Caballero works in multi-messenger astronomy and has been studying neutrino emission and nuclear reactions that occur in the interior of binary neutron-star, black hole-neutron star mergers and supernovae. She extends this work into the field of nucleosynthesis – the cosmic formation of complex atoms – with the goal of creating a means of synthesizing heavy metals. “I seek to understand the structure of neutron stars, the merger process, and the influence that nuclear physics has on these events and the creation of heavy elements,” says Caballero.
Gezerlis is interested in nuclear matter and nuclear forces, using high-performance computing to gain insights from Earth-based experiments to better understand a neutron star's layers – which he says are like an onion: “As researchers move closer to the center of the star, the theoretical uncertainty grows, and there is much about them we still don’t know.”
The density of matter inside a neutron star is much, much larger than the density of nuclear matter found in our laboratories, and neutron stars therefore provide an opportunity to study extreme forms of matter. When two neutron stars orbit each other and are seconds away from colliding and producing the heavy elements mentioned previously, they emit gravitational waves (distortions of spacetime). The waves carry information about the internal constitution of these stars, and Poisson endeavours to find how this information is encoded and can be extracted in gravitational-wave observatories.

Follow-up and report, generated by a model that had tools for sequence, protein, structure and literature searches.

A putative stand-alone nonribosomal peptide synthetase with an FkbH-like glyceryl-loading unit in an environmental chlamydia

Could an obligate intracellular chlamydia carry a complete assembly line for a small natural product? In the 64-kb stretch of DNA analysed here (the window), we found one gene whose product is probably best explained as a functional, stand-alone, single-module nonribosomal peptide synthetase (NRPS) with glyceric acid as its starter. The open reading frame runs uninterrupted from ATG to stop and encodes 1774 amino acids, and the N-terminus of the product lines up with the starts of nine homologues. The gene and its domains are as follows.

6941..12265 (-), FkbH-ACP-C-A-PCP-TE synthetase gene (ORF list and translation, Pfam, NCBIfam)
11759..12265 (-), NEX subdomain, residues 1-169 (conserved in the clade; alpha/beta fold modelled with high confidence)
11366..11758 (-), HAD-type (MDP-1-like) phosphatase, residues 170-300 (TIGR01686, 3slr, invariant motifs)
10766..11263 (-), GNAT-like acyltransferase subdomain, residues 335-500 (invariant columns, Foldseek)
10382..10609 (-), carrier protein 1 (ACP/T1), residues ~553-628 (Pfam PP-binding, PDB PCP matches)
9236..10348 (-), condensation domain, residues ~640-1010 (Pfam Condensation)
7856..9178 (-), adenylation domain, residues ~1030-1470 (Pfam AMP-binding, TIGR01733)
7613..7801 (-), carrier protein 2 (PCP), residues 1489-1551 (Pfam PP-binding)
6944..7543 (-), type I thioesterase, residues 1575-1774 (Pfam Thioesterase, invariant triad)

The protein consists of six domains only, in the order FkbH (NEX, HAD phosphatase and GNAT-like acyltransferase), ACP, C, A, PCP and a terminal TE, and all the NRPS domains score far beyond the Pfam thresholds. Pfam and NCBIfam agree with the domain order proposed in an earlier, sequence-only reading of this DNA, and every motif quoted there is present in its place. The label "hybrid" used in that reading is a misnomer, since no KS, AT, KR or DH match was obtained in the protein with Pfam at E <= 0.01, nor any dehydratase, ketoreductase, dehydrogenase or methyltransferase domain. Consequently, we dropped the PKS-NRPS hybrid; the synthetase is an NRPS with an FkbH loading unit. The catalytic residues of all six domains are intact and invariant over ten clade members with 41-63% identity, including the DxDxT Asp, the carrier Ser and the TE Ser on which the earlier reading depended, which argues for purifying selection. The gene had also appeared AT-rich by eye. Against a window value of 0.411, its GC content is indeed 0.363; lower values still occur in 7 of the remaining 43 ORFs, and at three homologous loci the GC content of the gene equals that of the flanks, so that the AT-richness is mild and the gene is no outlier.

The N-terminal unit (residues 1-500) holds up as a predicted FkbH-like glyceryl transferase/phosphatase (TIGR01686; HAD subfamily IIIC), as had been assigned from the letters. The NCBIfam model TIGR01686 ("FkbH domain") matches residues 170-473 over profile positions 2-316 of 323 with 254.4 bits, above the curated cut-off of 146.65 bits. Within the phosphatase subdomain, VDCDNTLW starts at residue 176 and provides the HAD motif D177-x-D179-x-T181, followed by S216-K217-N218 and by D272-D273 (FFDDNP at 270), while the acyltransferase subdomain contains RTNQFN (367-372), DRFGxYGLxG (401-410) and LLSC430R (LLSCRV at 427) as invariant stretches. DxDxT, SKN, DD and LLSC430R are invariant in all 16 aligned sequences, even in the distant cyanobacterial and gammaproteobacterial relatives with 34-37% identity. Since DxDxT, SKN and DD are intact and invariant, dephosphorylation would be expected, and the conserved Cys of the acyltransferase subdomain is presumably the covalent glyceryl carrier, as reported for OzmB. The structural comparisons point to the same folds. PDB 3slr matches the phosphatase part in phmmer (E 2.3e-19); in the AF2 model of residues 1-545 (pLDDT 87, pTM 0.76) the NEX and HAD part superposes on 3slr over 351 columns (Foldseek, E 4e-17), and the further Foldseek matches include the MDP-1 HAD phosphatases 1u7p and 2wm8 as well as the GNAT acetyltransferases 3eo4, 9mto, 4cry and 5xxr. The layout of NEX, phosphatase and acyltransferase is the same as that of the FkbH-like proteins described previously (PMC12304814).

Similarly, Yang, who is also an associate faculty member at the Perimeter Institute, is using gravitational wave astrophysics to improve data collection quality, which in turn will help inform our understanding of the universe. He is studying neutron stars or neutron star-black hole mergers in relation to future multi-messenger observations.
U of G’s astrophysicists are daring to go where no one has gone before to shed light on multi-messenger astrophysics and neutron star collisions – and maybe bring back some gold.
Dr. Daniel Siegel is an Assistant Professor in the Department of Physics and an Associate Faculty member at the Perimeter Institute
Dr. Lilianna Caballero is an Assistant Professor in the Department of Physics
Dr. Alexandros Gezerlis is a Professor in the Department of Physics
Dr. Eric Poisson is a Professor in the Department of Physics
Dr. Huan Yang is an Assistant Professor in the Department of Physics and an Associate Faculty member at the Perimeter Institute
Dr. Daniel Siegel’s work was supported by a Natural Sciences and Engineering Research Council of Canada Discovery Grant, SciNet, Compute Canada and the Perimeter Institute (which is supported in part by the Government of Canada through the Department of Innovation, Science and Economic Development Canada and by the Province of Ontario through the Ministry of Colleges and Universities).
Siegel DM. r-Process nucleosynthesis in gravitational-wave and other explosive astrophysical events. Nat Rev. Phys. 2022 Apr 4. doi: 10.1038/s42254-022-00439-1